27 DECEMBER 2003, Page 40

Sugar-free diet

Giannandrea Poesio

Companhia de Danca Deborah Colker The Barbican The Wind in the Willows Linbuty Studio Theatre, Royal Opera House

llo weeks ago, on my way to the rbican, I suddenly realised that Deborah Colker's new creation, 4 par 4, was to be the last sugar-free dance work I was going to see before the unavoidable annual invasion of Christmassy ballets. Luckily, it was not a disappointment. A distinctive trait of Colker's choreography is an often amazing display of physical skills crossing the boundaries between dance and acrobatics. Yet, the Companhia de Danca Deborah Colker is anything but one of those colourful and highly fashionable circus-theatre troupes that keep popping up here and there. In Colker's hands, the physical feats of each member of the company contribute to the creation of a subtly conceived game of narrative tensions that transcends any cheap exploitation of mere bravura.

Not unlike the breathtaking Casa, seen last year, 4 por 4 relies on a progression of dramatically disjointed images, in the best dance-theatre tradition. The opening sequence is, arguably, the most effective. Secluded within triangular-shaped cubicles, male and female performers interact in what would appear to be an attempted escape from the suffocating atmosphere of their individual microcosms. The sight of women standing against and trapped within corners evokes a number of tragically familiar images, such as isolation, oppression, depression, punishment. Their male counterparts, who shift in their places and/or lower themselves into the triangular spaces, can hardly be regarded, though, as their rescuers.

The interaction between the moving bodies generates a rather unsettling series of considerations, for it is never clear whether those who manage to climb out of their cubicles are willing, or are forced, to do so. What is certain is that, in the display of acrobatic strength that informs the whole scene, the stereotypical gender differentiations become more and more blurred.

The relationship between the male and female dancers, however, also appears erotically charged. Indeed, a subtle, now dark, now humorous, eroticism is what informs the rest of the first part. It is a pity, therefore, that the same heightened dramatic tension is not maintained in the second part, in which the dancers perform daring jumps, turns and movements amid a forest of vases, arranged in orderly narrow lines all over the stage. Apart from its highly entertaining and spectacular quality, this section lacks the drive of the first half, and slips dangerously into circus-theatre.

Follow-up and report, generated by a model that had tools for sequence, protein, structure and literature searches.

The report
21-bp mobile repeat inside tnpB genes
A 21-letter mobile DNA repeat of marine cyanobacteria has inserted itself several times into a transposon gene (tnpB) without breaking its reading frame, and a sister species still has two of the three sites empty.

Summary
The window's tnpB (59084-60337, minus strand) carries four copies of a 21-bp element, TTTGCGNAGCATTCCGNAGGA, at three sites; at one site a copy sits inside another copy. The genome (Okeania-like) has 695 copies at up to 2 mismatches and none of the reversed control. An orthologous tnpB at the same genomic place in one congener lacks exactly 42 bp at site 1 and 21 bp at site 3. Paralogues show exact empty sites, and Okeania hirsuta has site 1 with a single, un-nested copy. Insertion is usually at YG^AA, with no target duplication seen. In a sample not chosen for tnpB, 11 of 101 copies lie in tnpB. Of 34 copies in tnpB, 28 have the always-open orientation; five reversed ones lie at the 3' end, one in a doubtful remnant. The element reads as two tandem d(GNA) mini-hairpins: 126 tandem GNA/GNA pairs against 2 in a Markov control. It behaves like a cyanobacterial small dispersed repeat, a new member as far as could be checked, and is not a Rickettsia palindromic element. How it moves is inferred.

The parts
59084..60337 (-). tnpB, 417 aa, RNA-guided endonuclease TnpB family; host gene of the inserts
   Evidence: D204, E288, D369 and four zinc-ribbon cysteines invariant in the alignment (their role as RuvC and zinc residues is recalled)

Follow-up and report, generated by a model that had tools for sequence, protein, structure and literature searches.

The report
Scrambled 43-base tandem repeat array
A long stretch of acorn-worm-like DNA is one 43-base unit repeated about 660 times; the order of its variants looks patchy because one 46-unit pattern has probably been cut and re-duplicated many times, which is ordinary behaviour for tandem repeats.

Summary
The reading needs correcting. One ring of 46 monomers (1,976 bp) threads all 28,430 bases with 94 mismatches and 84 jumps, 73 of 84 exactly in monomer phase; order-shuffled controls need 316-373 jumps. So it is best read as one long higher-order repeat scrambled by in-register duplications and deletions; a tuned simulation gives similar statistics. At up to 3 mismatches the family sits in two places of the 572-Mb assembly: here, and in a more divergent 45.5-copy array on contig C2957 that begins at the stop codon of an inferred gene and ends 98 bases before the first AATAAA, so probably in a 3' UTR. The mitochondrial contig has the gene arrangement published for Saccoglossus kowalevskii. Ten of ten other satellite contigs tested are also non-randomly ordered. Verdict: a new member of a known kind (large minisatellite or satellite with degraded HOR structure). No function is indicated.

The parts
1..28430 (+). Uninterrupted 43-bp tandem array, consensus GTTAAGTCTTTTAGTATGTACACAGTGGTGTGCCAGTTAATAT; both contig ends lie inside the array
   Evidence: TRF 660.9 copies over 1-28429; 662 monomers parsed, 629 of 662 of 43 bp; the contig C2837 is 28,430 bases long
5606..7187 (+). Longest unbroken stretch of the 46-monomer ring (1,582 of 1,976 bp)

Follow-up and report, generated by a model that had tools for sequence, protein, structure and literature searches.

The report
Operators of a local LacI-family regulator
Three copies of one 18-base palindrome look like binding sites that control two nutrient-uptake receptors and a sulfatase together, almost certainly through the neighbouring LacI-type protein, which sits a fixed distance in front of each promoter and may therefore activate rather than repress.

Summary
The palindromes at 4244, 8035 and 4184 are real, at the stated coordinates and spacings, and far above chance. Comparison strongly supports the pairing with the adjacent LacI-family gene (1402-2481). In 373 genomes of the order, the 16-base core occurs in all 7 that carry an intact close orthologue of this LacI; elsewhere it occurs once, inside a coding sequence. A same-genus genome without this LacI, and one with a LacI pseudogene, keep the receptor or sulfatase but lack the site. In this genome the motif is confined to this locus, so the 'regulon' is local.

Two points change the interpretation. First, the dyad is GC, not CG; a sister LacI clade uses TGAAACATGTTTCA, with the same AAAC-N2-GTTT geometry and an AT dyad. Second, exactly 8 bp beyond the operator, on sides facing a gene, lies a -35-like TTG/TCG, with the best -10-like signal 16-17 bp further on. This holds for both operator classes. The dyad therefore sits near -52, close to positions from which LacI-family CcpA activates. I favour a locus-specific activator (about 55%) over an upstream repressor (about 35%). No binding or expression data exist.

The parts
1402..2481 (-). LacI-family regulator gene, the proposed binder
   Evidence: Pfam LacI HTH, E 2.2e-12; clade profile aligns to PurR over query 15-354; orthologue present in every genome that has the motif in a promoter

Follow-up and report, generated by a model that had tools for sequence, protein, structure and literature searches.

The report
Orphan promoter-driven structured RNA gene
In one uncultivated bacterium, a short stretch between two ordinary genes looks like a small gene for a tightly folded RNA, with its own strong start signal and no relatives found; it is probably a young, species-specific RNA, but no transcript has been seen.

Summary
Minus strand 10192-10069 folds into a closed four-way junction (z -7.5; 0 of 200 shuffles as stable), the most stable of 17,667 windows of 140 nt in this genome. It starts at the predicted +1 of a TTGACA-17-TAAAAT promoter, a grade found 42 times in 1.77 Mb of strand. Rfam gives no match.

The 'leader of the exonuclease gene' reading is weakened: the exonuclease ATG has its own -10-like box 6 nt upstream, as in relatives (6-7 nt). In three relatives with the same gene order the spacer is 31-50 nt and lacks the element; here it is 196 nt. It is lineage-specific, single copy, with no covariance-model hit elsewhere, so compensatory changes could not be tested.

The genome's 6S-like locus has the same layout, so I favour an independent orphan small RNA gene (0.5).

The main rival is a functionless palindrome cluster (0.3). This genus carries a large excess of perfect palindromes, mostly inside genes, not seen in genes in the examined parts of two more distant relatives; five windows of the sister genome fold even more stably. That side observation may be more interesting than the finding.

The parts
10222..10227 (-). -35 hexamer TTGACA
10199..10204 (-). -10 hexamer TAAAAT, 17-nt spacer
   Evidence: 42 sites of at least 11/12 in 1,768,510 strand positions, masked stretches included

The movement vocabulary, too, looks rather trite and repetitive, even though it encompasses different genres and styles, such as ballet and traditional modern dance. Still, by the time all the vases soar above the heads of the performers, thanks to a clever and simple device, the theatrical effect is such that it is easy to overlook the scene's lack of dramatic depth.

Visual richness, as well as fast-paced narrative and a clockwork dramatic structure, is also the main quality of William Tuckett's adaptation of Kenneth Grahame's The Wind in the Willows for ROH Too. Conceived as a dance-theatreopera, the work makes a welcome comeback at the Linbury Studio Theatre, following the well-deserved success of last year's first run. What I most like about this work is that it has nothing in common with those twee ballets which adults impose on children, particularly at this time of year. The good choreography, the great score by Martin Ward after George Butterworth, the well-constructed text by Andrew Motion, the nice operatic singing, the fantastic costumes by Nicky Gillibrand, and the superb sets by the Quay Brothers make this performance a unique example of pleasantly accessible high art.

The success of the show stems also from the superb cast. Matthew Hart, as Toad, steals the scene with his Silent-Movie-like antics. and Will Kemp is simply irresistible as Ratty, for he turns the character into a sort of early Hollywood movie hero — halfway between a dashing Ramon Novarro and a swashbuckling Errol Flynn. Kenneth Tharp, as Badger, evokes beautifully the introverted yet golden-hearted nature of the role, and Joh Williams is a tender-looking, frail and lovable Mole. Next to them, Luke Heydon makes a meal of the various characters he portrays, giving a rather memorable rendition of the jailer's daughter. Finally, David Burke's narration is elegant and refined, even though a little too elegant and refined for a younger audience.

With no Sugar Plums or any other tutued fairy, this is the show to bring your kids to. And, believe me, you will enjoy it too.